BT 622212453353: a machined sculptural component of a machine from a better future


#1

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#2

You don’t need that much lube when you are machining. Just a fine, steady mist will do.


#3

For lubrication, yes, usually. But maybe he needs it to double as a coolant.

Also, minimum quantity lubrication. http://minimumquantitylubrication.com/?page_id=2
I personally like the flood kind, but that’s me.


#4

Also, the lube is used to wash away the scrap metal.


#5

That’s one fancy orange juicer.


#6

Looks like something from Aperture Laboratories.


#7

A sexy thing to do would be replicas of parts of nuclear weapon physics packages. Whether 1:1 or scaled down.


#8

Years ago my professional metalworker buddy taught me three things that have served me well whenever I’ve used powerful metal cutting tools.

  • Use enough oil.
  • Make sure there’s plenty of oil.
  • Don’t spare the oil.

#9

So THAT’S where my flux capacitor went!


#10

Better? It looks like a cluster bomb.

If it were a better future it would be a cluster bomb made of sentient knives.


#11

This is not an actual, physical thing, is it? It’s CGI?


#12

The copious oil is there to facilitate rule 34 fantasies for those so inclined…


#13

I’m a micro-mist guy…

http://unist.com/solutions/machining-cutting/coolubricator-jr.html

& you are right about flooding… When you’re running fast. I like to take my dear sweet time.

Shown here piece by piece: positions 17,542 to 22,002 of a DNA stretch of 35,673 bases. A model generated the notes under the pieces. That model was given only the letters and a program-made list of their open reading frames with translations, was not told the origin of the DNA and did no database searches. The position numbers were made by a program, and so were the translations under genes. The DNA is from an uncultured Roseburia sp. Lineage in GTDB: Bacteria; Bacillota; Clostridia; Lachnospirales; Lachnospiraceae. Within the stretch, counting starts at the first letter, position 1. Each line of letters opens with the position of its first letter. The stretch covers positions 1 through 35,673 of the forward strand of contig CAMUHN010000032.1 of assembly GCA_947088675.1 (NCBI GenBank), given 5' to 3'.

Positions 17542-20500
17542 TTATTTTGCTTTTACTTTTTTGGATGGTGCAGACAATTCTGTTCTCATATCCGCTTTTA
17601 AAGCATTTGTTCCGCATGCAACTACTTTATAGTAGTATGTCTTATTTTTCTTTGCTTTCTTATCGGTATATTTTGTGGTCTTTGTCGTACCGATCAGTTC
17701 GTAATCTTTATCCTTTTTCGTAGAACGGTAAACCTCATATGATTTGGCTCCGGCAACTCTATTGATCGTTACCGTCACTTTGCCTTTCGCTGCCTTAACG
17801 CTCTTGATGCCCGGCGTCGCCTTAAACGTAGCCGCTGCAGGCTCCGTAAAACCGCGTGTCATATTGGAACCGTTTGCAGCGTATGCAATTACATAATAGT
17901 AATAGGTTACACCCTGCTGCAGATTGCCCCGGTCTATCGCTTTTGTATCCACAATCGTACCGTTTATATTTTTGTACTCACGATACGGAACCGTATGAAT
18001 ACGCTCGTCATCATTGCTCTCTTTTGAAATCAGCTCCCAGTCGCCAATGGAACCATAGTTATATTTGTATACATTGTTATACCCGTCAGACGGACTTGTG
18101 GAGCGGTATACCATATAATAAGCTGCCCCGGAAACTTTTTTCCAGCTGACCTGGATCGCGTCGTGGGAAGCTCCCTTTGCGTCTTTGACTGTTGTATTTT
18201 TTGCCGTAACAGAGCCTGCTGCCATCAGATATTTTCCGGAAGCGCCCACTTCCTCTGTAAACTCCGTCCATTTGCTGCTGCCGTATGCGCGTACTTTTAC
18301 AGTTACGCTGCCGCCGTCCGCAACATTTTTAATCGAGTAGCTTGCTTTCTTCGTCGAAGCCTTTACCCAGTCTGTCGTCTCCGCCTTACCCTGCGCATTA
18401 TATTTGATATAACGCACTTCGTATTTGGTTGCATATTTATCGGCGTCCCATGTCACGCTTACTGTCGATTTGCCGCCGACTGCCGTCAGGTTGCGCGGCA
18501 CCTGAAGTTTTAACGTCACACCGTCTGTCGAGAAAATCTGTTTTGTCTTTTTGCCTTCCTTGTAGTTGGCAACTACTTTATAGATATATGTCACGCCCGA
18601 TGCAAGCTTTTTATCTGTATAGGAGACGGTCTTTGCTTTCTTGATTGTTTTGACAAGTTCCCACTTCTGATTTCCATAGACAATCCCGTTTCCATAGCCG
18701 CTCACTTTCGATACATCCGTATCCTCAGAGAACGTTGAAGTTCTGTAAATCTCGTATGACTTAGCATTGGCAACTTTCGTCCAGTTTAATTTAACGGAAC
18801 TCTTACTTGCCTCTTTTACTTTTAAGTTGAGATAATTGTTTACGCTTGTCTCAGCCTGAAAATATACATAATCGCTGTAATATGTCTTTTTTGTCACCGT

#14

Do you know about the guy who made a 1:1 A-bomb replica?


#15

“We’re just throwing science at the wall and seeing what sticks.”


#16

That’s nice, but what does it do?


#17

In the Eagle Scout hall of fame there’s a kid who forced the org to offer a nuclear power merit badge.

He built a working reactor in his backyard shed, using uranium samples he tricked companies into giving him and scavenged smoke detectors for fuel.

This was during the 1970s and 1980s

ETA. I got details wrong. But he did get pretty far. And he did have quite a lot of radioactive material stockpiled.


#18

It’s an interesting story and well worth reading, but there’s been an Atomic Energy Merit Badge in the BSA since 1963. It was renamed the Nuclear Power Merit Badge quite some time after I earned it, but well before David Hahn’s arrest, I think.

The BSA has been a very effective cheerleader for nuclear power, for both good and bad reasons. The merit badge process basically served as a propaganda machine for the industry, and a lot of the nuke shills I meet are former Boy Scouts.


#19

It’s actually a sad story. The guy was arrested in 2007 stealing smoke alarms for Americium, and apparently he doesn’t observe proper precautions for handling radioactive materials.


#20

John Coster-Mullen, aka Atomic John?

He wrote a pretty comprehensive book about it. A thick spiral-bound self-published volume.

I have a signed copy.